Record levels of flu have caused the death of two people this winter and left 42 others seriously ill in intensive care units, it emerged yesterday.
Rates of flu doubled in a week and are now higher than during last winter's peak, striking down down 9,180 people around the country. Most are suffering from swine flu but other strains are also affecting all age groups.
The first victims to die this winter from flu are a man in the east of the country and a woman in the west. One died of swine flu and the other, who was over 65, was infected with influenza B.
Both had underlying illnesses but post-mortem examinations revealed that flu contributed to their deaths.
There have been 393 people hospitalised so far this winter, a jump of nearly 279 on last year. Of these, 72 were admitted to intensive care and at least 42 are continuing to be treated for serious complications.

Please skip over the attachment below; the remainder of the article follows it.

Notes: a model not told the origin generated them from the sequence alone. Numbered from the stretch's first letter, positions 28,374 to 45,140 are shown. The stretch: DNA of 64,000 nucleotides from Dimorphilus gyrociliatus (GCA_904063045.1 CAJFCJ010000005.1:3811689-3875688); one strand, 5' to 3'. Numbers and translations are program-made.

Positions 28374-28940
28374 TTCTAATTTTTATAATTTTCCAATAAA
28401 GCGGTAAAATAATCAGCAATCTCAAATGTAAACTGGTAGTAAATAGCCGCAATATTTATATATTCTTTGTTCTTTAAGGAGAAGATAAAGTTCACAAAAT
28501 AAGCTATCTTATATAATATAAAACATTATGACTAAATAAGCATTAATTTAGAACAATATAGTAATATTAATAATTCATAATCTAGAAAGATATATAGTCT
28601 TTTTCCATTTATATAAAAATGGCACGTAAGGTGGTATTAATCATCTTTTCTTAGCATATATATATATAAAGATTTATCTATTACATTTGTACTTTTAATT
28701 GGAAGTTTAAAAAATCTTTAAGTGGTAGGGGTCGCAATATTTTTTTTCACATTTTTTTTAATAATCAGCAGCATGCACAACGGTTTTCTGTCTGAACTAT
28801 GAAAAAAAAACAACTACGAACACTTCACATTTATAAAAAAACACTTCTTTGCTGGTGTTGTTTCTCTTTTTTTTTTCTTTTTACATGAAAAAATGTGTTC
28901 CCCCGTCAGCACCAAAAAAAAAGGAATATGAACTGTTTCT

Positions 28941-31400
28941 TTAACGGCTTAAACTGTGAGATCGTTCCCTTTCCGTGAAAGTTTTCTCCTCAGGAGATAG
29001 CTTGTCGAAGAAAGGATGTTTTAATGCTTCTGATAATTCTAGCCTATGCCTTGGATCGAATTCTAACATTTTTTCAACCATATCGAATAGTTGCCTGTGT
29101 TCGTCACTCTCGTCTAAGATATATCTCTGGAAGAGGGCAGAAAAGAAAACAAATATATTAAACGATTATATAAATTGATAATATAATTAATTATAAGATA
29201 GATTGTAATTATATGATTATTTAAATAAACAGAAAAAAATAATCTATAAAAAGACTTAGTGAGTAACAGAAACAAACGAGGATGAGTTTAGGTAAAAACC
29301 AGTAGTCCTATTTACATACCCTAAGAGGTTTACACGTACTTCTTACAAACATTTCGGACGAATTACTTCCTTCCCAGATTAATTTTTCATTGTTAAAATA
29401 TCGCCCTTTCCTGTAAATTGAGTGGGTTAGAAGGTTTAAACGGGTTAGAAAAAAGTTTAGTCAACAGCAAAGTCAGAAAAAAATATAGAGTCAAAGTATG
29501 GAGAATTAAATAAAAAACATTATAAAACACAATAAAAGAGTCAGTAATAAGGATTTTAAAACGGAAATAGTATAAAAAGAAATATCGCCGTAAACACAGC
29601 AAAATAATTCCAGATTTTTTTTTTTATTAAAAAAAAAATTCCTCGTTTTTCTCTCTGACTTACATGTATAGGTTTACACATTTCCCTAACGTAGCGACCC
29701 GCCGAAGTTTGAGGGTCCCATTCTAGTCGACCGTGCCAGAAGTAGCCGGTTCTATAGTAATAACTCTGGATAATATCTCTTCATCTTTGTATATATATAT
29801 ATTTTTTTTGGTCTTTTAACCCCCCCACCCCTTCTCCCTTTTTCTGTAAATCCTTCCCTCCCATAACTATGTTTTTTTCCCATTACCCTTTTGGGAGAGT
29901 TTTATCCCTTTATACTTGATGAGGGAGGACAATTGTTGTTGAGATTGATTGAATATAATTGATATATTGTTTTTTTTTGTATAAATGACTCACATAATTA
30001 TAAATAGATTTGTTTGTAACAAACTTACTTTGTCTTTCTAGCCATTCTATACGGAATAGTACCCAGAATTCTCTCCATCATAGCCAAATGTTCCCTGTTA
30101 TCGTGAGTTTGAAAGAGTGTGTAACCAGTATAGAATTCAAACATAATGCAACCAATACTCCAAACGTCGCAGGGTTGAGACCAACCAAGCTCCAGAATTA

The rate of flu-like illness jumped to 204 per 100,000 compared to 114 per 100,000 the previous week -- and it will rise even further in the coming weeks.
Around one in seven calls to GPs in the evenings and weekends are from patients asking for treatment for flu-like illness.
Dr Derval Igoe, from the Health Protection Surveillance Centre, said the patients who are hospitalised are mainly young adults and children. The are mainly suffering from swine flu but around one in 10 have influenza B.
Dr Igoe said 37 of the patients in intensive care are adults and five are children.
The sickest people are mainly aged 45-64 years and the majority have underlying illnesses such as respiratory disease, heart problems and also conditions like pregnancy and diabetes.
However, around 30pc of those hospitalised are "healthy" with no pre-existing illness highlighting how swine flu in particular can pose a threat not just to those in the 'at risk' groups.
Dr Igoe said that during a normal winter around 300 to 400 people die from flu although it is not always recorded on their death certificates.
Asked about the ability of hospitals to cope with such a level of patients needing intensive care, chief medical officer Dr Tony Holohan said they had been told to open additional beds where needed.
People in high-risk groups with symptoms are advised to contact their GP.